It’s hard to participate in the indie pop scene without hearing mention of Clairo (the stage name of Claire Cottrill.) Since her 2017 hit “Pretty Girl,” Clairo has been an artist to watch, especially after gaining mainstream appeal from notable sad bops such as “Bags” and “Sofia.” Clairo has also had a resurgence on TikTok over the past year and become a queer alternative staple, dominating the playlists of yearning sad girls everywhere.
However, her ascent is not applauded by all — facing accusations of being an industry plant as well as her two year break from releasing music, Clairo had a lot to prove with her record Sling. Luckily, she delivers.
Sling marks a definite maturing of Clairo’s sound and prowess as an alternative artist as she tackles more complex themes throughout the album and steps up her songwriting abilities to match. As such, Sling is a much more fully realized album than her 2019 record Immunity, especially in its melodic and thematic cohesion. In this album, Clairo masterfully explores with delicate ease the comforts of domesticity, her troubles with growing up in the music industry as a young artist and the pitfalls of her past relationships. Unexpectedly, Clairo leaves behind her typical use of studio beats and a low-production bedroom pop sound, trading it in for intricate instrumental arrangements to match her matured lyricism.
As a result, Sling sounds much more reminiscent of what someone would hear in a piano bar or jazz club rather than something created in someone’s bedroom. The album’s single, “Blouse,” which tackles the objectification Clairo feels as a young artist, is full of the helpless yearning typical of her earlier music, which works wonderfully as a smooth coda to her older works as well as a graceful introduction to the grown-up themes and melodies of Sling.
The album’s second track, “Amoeba,” has the makings of a radio hit and fan favorite, as its groovy beat and catchy chorus make it more similar to her other sad bops that have gained acclaim from fans. Other standouts from the record include “Partridge” and “Reaper,” which contain the most poignant and haunting lyrics of the bunch. However, the album’s best songs, including its first song “Bambi,” are placed in the first half, so the album can feel as if it drags on for too long without reprieve.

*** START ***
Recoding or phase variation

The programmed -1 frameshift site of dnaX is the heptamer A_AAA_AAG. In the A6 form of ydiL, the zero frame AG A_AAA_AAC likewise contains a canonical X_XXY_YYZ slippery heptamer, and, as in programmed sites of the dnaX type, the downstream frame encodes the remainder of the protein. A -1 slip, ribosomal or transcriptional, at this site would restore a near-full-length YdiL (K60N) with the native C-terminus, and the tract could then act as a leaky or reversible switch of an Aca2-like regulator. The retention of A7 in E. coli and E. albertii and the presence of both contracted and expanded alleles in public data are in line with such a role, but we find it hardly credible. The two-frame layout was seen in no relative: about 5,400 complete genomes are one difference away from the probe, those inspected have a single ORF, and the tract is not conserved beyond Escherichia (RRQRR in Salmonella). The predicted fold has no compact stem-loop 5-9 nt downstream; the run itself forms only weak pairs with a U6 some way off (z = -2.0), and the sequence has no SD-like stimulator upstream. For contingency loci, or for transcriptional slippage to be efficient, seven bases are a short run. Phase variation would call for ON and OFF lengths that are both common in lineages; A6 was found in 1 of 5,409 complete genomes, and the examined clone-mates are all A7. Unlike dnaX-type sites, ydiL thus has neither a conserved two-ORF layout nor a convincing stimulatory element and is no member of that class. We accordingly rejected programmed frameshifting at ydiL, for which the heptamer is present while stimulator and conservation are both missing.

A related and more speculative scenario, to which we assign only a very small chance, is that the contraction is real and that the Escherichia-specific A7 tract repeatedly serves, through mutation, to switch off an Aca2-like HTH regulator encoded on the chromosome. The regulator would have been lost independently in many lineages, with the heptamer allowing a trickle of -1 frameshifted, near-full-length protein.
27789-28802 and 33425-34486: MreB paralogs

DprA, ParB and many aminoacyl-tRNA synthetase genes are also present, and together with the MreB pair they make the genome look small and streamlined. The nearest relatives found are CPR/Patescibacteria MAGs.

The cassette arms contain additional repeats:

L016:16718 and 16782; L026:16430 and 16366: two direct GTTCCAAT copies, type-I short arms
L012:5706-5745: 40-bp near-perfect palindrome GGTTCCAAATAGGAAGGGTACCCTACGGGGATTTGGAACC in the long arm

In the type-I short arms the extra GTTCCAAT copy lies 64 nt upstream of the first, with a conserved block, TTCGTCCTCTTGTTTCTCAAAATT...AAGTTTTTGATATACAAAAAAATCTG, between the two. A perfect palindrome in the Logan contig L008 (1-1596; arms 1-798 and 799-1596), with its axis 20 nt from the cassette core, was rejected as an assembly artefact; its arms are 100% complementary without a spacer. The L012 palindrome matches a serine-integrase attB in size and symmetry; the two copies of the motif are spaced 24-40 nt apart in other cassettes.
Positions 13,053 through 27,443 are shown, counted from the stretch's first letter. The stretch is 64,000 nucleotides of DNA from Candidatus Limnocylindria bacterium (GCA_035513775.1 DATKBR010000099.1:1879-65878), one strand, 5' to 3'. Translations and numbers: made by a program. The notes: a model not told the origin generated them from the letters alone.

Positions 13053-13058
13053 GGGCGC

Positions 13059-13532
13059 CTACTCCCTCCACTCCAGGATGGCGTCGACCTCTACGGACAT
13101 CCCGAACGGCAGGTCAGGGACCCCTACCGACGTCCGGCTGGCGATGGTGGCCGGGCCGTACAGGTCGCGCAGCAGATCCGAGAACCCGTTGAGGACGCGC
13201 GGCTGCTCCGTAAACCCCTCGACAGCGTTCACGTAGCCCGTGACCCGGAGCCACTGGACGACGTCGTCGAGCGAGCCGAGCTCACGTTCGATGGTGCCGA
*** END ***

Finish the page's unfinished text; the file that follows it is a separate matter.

Most notably, Sling has an unexpected jazz influence, featuring much more saxophone, trumpet, drums, cymbals and flute than one would ever expect from Clairo. Many of these instrumentals are performed by Evan Smith and co-written by Jack Antonoff, both former Lana Del Rey and Taylor Swift collaborators.
In this sense, Jack Antonoff’s contributions to the album, especially in his contributions as a co-writer and a co-producer on a myriad of the songs, tend to sound just like the many other albums he’s produced. That isn’t a bad thing — Antonoff is currently dominating the indie pop scene with producing credits on the latest albums of Lorde, Taylor Swift and Lana Del Rey. Antonoff might deserve some of the credit for the leap in Clairo’s artistic maturity, especially as the instrumentations that mark this genre shift are so new to her. However, it is plainly clear that Clairo writes most of the album’s lyrics and melodies herself, keeping her artistic integrity as well as her intentions for the album’s sound intact.
Sling undoubtedly cements Clairo’s lofty place within the ranks of today’s indie pop girls, proving her intricate lyricism is not to be underestimated or outshined by her catchier songs. After this album, it’s clear that Clairo is no longer a teenage sensation but a fully realized artist. With an album this dreamy, who even cares if she’s an industry plant? She deserves our water and sunlight all the same.